Using all instruments of national power and influence. The United States is using its instruments of national power and influence diplomatic, information, military, economic, financial, intelligence, and law enforcement to prevent terrorism, protect the lives and livelihoods of the American people, and respond to and recover from incidents. We must build on these efforts, by continuing to enhance our processes for sharing all relevant and appropriate information throughout all levels of government and with our partners, and by prioritizing the continued transformation of our law enforcement and military.
Working With Congress To Make FISA Reform Permanent, And Other Legislative Action
The U.S. Congress should take bold steps to fulfill its responsibilities in the national effort to secure the Homeland and protect the American people.
Congress should help ensure that we have the necessary tools to address changing technologies and homeland security threats while protecting privacy and civil liberties. We must make additional reforms to the Foreign Intelligence Surveillance Act and ensure that the statute is permanently amended so that our intelligence professionals continue to have the legal tools they need to gather information about the intentions of our enemies while protecting the civil liberties of Americans.
Both houses of the Congress should take action to further streamline the organization and structure of those committees that authorize and appropriate homeland security-related funds and otherwise oversee homeland security missions.
The Congress should fully embrace a risk-based funding approach so that we best prioritize our limited resources to meet the most critical homeland security goals and objectives first.
Progress Made Securing The Homeland
Since September 11, we have made extraordinary progress in securing our Homeland and fighting the War on Terror. We have:
Disrupted multiple potentially deadly plots against the United States. We have greatly increased worldwide counterterrorism efforts since 9/11, which has constrained the ability of al-Qaeda to attack the Homeland and led terrorist groups to find that the United States is a harder target to strike.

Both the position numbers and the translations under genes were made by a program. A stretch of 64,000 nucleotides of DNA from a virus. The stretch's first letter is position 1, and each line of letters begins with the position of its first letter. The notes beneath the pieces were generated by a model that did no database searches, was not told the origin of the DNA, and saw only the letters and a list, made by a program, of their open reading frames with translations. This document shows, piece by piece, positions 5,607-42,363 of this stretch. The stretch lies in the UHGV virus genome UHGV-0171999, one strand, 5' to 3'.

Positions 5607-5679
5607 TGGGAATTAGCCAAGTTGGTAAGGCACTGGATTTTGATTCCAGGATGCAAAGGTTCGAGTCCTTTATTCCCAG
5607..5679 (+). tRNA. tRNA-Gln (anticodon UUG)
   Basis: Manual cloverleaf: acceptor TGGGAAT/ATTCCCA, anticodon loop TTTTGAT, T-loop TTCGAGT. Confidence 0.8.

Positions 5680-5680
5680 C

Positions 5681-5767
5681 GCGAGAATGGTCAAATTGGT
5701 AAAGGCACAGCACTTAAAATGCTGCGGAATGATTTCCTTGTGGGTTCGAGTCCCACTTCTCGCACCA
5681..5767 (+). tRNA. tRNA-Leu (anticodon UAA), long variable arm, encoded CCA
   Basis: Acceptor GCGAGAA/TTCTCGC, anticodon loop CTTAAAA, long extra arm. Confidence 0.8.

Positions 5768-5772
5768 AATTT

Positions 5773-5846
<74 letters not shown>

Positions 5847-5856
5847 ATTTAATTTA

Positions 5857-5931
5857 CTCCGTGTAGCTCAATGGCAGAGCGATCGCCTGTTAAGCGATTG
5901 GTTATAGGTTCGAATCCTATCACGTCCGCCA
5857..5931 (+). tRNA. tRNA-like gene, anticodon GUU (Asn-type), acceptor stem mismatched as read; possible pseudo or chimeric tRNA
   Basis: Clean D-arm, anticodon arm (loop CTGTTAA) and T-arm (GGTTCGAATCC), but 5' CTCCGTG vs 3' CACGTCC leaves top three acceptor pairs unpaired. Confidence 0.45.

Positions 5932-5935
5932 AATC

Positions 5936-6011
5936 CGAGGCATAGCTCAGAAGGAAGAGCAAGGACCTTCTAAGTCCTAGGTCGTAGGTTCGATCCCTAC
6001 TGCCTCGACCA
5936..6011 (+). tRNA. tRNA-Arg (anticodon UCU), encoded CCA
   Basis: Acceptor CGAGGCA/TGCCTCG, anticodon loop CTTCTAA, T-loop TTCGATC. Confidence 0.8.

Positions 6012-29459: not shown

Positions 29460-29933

Strengthened our ability to protect the American people by creating the Department of Homeland Security. We have also enhanced our homeland security and counterterrorism architecture through the creation of the Office of the Director of National Intelligence, the Homeland Security Council, the National Counterterrorism Center, and U.S. Northern Command, a Department of Defense combatant command focused on homeland defense and civil support.
Made our borders more secure. We are implementing an effective system of layered defense by strengthening the screening of people and goods overseas and by tracking and disrupting the international travel of terrorists.
Instituted an active, multi-layered approach to that integrates the capabilities of Tribal, local, State and Federal governments, as well as those of the private and non-profit sectors. In addition, Federal grant funding and technical assistance has also enhanced State, local and Tribal homeland security training and equipment, emergency management capabilities, and the interoperability of communications.
Worked with Congress to create, implement, and renew key legal reforms. The USA PATRIOT Act, the Intelligence Reform and Terrorism Prevention Act of 2004, and the Protect America Act of 2007 promote security and help to implement 9/11 Commission and WMD Commission recommendations, while protecting our fundamental liberties.
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Current Threat Level
General threat level remains at ELEVATED (Yellow).